I need to replace disk for a zfs root installed system.

Previously it was (before reinstalling OS for test purpose which is also I want to accomplish after install):

Created mirror with zpool attach rpool /dev/sda2 /dev/sdb

    rpool       ONLINE       0     0     0
   mirror-0  ONLINE       0     0     0
      sda2      ONLINE       0     0     0
       sdb      ONLINE       0     0     0

And I reinstalled OS:

    rpool       ONLINE       0     0     0
      sda2      ONLINE       0     0     0

sdb holds data...

    pool: rpool-12312656247996879599
     id: 12312656247996879599
    state: DEGRADED
 status: One or more devices contains corrupted data.
 action: The pool can be imported despite missing or damaged devices.  The
        fault tolerance of the pool may be compromised if imported.
   see: http://zfsonlinux.org/msg/ZFS-8000-4J
        rpool-12312656247996879599  DEGRADED
          mirror-0  DEGRADED
            sda2    FAULTED  corrupted data
            sdb     ONLINE

And I want to create mirror and sync data from sdb to current mirror after reinstalling OS. After reinstalling OS, I have one rpool and one sdb pool seperatly. I can send/recv data on two pools and destory sdb pool and attach to rpool and make mirror. But wondering is there any way without manually syncing files (send/recv) and attach sdb which is in pool to rpool without destroying it?

1 Answer 1


You have taken your disk sda2 out of the old pool, erased its content and installed a new pool (with your new system) on it. As this was a redundant vdev (mirror), you essentially have two different pools, each having one disk (meaning no fault tolerance). You still have both options - using the new one or restoring the old one:

If you want to discard your old pool and use your new install (sda2), follow these steps:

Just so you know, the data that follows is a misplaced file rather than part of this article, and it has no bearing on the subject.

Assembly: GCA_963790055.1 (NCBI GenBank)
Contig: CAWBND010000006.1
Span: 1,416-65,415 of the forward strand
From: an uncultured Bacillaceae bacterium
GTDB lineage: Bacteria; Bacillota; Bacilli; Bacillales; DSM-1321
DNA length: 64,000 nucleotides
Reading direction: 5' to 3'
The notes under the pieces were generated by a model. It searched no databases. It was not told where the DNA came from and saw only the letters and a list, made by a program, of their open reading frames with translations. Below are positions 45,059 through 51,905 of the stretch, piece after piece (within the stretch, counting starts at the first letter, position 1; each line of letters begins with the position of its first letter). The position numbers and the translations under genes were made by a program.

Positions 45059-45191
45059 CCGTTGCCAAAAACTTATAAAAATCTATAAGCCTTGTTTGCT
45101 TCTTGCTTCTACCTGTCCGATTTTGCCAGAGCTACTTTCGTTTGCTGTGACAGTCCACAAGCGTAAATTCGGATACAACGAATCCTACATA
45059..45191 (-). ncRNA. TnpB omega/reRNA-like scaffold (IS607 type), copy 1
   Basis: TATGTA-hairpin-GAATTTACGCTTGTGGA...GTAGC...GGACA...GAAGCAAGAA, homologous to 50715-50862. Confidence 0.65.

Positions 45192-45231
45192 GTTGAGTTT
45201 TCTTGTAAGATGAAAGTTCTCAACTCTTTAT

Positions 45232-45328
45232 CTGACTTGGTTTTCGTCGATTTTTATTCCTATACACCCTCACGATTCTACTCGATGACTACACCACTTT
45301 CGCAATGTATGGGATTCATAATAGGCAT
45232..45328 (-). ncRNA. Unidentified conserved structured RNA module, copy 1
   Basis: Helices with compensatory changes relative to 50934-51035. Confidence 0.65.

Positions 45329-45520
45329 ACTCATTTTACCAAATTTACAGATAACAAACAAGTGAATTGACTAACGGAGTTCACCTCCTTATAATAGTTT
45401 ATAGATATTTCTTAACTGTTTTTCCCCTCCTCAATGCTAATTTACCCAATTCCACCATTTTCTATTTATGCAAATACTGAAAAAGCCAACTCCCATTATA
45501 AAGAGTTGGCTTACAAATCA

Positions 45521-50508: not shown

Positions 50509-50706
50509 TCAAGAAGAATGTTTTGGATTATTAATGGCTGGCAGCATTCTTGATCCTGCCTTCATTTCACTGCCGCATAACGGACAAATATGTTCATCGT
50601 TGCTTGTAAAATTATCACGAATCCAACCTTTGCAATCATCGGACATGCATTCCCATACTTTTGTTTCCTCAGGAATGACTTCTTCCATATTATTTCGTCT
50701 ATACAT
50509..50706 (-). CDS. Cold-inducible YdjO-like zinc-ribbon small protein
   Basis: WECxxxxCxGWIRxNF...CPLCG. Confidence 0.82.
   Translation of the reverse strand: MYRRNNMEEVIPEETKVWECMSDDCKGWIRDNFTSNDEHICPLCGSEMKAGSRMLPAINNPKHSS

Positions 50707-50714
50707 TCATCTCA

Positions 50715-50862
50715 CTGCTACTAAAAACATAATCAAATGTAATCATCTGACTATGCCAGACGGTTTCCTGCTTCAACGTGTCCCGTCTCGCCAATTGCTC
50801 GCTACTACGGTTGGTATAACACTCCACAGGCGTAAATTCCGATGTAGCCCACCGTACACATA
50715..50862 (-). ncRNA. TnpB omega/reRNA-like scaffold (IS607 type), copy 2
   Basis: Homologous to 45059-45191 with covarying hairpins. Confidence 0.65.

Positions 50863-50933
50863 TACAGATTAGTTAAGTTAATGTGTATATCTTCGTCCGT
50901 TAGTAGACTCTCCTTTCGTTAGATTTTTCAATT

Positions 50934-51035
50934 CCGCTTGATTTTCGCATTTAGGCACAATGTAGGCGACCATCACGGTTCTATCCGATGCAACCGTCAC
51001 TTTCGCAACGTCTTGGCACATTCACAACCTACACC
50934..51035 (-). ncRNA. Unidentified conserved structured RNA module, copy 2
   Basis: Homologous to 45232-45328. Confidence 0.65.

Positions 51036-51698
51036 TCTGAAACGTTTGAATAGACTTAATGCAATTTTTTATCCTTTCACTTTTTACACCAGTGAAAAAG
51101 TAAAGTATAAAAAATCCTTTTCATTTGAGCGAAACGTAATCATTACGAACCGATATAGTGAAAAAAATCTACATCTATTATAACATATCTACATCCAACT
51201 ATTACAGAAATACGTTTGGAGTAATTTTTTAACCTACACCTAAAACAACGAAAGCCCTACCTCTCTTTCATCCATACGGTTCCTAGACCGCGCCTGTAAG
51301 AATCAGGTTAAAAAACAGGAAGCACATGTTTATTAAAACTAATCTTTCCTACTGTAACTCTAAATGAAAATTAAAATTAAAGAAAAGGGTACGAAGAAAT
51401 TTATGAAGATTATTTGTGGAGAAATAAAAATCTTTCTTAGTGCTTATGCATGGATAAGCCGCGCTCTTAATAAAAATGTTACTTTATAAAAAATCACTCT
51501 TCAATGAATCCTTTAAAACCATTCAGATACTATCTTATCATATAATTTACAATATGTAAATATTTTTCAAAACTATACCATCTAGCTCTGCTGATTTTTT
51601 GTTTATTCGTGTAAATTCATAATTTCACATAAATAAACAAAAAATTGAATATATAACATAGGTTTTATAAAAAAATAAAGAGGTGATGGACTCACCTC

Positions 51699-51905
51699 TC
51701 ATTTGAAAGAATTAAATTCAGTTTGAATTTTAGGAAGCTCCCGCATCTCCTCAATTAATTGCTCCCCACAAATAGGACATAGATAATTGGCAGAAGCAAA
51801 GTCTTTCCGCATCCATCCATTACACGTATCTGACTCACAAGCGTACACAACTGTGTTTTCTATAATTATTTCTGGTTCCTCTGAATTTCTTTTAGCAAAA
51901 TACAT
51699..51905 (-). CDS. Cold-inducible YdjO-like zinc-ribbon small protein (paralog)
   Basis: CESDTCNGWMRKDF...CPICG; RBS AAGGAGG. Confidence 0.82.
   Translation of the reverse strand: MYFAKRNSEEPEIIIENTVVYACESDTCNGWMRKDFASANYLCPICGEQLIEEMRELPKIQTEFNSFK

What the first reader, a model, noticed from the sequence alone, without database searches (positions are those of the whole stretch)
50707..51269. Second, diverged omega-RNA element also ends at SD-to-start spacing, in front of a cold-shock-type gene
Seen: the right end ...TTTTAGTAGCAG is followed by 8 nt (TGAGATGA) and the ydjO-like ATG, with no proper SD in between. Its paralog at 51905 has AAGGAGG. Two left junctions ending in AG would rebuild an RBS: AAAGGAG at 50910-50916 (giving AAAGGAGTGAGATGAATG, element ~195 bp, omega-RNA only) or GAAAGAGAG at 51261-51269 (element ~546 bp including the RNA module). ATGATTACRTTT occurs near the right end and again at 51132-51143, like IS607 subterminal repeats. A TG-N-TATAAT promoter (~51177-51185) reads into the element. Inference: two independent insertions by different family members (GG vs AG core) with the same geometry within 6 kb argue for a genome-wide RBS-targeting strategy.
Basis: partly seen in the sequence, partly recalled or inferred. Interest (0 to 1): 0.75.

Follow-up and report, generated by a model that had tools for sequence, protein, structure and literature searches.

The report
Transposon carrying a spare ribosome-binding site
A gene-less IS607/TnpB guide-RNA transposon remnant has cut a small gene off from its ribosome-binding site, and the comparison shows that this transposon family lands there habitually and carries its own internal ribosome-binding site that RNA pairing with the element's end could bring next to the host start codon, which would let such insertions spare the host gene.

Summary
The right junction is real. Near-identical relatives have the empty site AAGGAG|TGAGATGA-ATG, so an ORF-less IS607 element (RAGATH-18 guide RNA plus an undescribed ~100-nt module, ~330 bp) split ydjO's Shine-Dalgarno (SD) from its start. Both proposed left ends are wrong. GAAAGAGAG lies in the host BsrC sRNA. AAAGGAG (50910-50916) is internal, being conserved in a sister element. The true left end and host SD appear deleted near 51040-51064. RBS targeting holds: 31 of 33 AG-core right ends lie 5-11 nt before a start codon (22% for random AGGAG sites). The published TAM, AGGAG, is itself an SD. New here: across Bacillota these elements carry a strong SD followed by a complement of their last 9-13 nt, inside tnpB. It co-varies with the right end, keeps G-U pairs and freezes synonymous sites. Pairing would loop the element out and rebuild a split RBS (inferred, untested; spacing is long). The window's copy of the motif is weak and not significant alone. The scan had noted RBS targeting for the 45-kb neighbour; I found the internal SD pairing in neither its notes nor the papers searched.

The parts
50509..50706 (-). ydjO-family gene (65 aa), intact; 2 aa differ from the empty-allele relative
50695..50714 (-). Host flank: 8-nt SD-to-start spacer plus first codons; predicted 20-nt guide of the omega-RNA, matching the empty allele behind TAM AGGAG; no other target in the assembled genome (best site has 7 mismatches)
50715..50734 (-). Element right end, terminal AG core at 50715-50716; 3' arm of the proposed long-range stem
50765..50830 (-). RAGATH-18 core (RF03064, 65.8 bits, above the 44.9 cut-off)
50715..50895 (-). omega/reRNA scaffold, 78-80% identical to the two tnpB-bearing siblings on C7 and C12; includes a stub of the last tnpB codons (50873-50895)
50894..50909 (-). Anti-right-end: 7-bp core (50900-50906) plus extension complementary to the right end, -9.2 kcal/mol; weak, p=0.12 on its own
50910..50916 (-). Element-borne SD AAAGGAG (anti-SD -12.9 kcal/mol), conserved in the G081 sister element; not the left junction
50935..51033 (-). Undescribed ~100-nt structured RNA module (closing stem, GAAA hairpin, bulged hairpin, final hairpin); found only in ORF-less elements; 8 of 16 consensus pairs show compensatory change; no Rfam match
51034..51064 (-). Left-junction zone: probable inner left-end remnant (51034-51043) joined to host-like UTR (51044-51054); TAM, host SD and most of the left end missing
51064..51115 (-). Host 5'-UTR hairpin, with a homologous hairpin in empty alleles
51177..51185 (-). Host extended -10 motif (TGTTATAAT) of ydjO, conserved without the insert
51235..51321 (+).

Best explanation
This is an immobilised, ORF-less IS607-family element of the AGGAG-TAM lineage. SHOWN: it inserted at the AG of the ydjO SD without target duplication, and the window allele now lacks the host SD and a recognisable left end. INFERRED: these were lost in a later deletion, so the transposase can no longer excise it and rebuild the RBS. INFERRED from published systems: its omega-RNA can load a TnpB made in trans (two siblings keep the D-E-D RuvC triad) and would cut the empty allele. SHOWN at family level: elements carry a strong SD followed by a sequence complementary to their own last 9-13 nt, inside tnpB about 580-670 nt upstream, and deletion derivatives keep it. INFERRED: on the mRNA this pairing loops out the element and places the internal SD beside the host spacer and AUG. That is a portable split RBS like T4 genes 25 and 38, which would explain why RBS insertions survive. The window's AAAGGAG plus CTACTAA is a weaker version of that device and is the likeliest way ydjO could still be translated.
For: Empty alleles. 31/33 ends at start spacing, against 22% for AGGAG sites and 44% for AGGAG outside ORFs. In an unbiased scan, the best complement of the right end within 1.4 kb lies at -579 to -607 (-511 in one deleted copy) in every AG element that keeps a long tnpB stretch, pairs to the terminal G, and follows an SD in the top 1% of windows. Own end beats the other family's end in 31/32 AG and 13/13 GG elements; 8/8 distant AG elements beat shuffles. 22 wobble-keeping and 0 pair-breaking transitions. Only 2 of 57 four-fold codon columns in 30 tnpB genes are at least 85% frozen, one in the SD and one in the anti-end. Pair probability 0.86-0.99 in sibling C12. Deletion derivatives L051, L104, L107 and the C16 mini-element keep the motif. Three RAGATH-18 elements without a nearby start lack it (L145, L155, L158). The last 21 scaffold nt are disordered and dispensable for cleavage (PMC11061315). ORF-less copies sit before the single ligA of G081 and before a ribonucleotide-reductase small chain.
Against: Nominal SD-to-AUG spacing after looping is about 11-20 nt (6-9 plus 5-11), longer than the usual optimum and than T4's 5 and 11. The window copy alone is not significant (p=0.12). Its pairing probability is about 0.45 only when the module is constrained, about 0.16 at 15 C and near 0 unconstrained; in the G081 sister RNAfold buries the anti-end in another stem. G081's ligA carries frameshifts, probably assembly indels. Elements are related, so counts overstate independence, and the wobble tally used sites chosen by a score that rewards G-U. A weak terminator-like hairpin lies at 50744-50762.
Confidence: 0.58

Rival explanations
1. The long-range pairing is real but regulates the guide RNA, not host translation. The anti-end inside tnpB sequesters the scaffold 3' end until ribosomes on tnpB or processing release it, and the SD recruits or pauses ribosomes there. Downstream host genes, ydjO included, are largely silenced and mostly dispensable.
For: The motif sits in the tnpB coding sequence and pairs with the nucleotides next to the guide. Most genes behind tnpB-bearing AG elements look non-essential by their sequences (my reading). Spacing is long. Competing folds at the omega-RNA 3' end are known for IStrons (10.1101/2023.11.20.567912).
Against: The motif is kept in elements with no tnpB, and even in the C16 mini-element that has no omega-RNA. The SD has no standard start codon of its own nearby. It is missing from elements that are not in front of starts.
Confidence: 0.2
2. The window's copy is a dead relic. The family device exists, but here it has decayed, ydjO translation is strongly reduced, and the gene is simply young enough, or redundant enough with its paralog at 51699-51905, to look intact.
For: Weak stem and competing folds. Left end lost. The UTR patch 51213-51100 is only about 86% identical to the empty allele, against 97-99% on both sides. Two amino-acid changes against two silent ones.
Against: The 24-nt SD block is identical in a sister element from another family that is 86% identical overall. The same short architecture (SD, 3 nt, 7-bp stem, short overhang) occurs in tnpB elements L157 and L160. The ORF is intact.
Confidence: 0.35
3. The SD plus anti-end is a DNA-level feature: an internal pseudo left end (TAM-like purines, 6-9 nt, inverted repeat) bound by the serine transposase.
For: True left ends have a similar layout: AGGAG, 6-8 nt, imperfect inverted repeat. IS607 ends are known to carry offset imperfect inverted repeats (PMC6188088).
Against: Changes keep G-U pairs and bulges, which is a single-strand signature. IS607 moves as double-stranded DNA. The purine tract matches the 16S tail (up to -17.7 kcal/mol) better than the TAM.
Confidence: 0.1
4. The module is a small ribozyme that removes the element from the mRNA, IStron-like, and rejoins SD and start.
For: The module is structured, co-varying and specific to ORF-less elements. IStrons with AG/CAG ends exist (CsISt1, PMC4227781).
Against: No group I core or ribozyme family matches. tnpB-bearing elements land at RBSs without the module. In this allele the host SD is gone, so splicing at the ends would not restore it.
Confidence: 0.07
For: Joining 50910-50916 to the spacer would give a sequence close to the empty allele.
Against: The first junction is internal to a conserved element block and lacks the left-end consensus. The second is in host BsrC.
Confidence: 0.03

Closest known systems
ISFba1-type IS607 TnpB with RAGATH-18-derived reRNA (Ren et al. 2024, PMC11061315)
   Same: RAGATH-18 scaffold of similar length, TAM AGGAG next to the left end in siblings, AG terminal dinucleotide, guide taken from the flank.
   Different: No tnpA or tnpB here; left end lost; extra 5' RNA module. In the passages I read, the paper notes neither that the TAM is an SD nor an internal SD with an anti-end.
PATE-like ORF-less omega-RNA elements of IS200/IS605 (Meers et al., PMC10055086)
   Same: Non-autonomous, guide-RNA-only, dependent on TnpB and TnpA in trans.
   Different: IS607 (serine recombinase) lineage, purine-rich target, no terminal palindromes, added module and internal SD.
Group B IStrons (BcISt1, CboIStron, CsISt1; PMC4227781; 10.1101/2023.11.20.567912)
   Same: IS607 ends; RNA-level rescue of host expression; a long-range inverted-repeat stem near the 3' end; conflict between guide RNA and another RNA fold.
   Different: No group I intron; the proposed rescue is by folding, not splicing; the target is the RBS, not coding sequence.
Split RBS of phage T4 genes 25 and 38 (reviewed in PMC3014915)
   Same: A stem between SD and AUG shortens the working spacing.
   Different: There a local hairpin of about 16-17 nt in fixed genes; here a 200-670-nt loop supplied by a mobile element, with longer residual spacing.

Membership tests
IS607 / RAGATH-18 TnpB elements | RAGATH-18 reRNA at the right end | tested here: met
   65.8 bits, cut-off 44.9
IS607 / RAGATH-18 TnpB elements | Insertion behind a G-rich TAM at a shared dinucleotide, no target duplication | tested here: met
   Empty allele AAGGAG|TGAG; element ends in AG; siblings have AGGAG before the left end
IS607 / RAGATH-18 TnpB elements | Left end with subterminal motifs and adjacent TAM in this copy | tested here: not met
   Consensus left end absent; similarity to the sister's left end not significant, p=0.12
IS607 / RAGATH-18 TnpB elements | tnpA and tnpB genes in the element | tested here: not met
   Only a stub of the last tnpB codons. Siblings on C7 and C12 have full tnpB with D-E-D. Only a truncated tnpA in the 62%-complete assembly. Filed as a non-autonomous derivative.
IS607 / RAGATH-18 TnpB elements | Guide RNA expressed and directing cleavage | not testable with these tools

• Format your disk sdb, deleting all data on it
  • Attach the formatted disk to your new pool: zpool attach rpool sda2 sdb
  • Wait for resilvering to complete, check with zpool status rpool
  • Copy over boot sector data so the system can boot from both disks (assuming you use GRUB): installgrub /boot/grub/stage1 /boot/grub/stage2 /dev/rdsk/sdb

If you want to discard your new pool and return to your (degraded) old pool (sdb):

  • Shut down the system and physically remove your disk sda2
  • Start the system, it should now recognize your old pool as a valid bootable root pool (only works if you have added the boot sector to this disk previously, similar to steps above, otherwise you will get a boot error)
  • Physically reconnect your disk sda2 to the system and format it
  • Attach your disk sda2 to your old pool: zpool attach rpool sdb sda2

If you have a Solaris/illumos system, you could (in the future, not in this case) also use beadm to perform upgrades, tests and recovery in-place (inside the same rpool, but on different snapshots). This way, you can revert without giving up redundancy temporarily.

  • Thank you very much. I am managing server remotely. So can not physically touch disks. Only remotely reinstall OS. So first desc is for me but I want to keep data on sdb and mirror it with new rpool. So by reinstalling OS, I have at the end two different pools. So only option I found is, I send/recv between two pools. And do what you wrote at first option. Is there any other option without needing to send/recv files? Like without destrying pool and attaching it to rpool and make mirror. Dec 19, 2017 at 12:20
  • @OzgurErdogan Instead of removing the disks, it could be enough to disconnect them virtually (on Solaris, use cfgadm -c unconfigure and cfgadm -c disconnect). For the rest of your question, could you edit your original question and explain in more detail what you want to do and what to avoid? Generally, send/recv is painless and fast, you might not save much time in avoiding it.
    – user121391
    Dec 19, 2017 at 12:30
  • I added more details. So to make it short; can I attach sdb to rpool after reinstall without destroying/formatting sdb? So I can keep data on sdb and after attaching it it can mirror data to rpool. Dec 19, 2017 at 14:25

Your Answer

By clicking “Post Your Answer”, you agree to our terms of service, privacy policy and cookie policy

Not the answer you're looking for? Browse other questions tagged or ask your own question.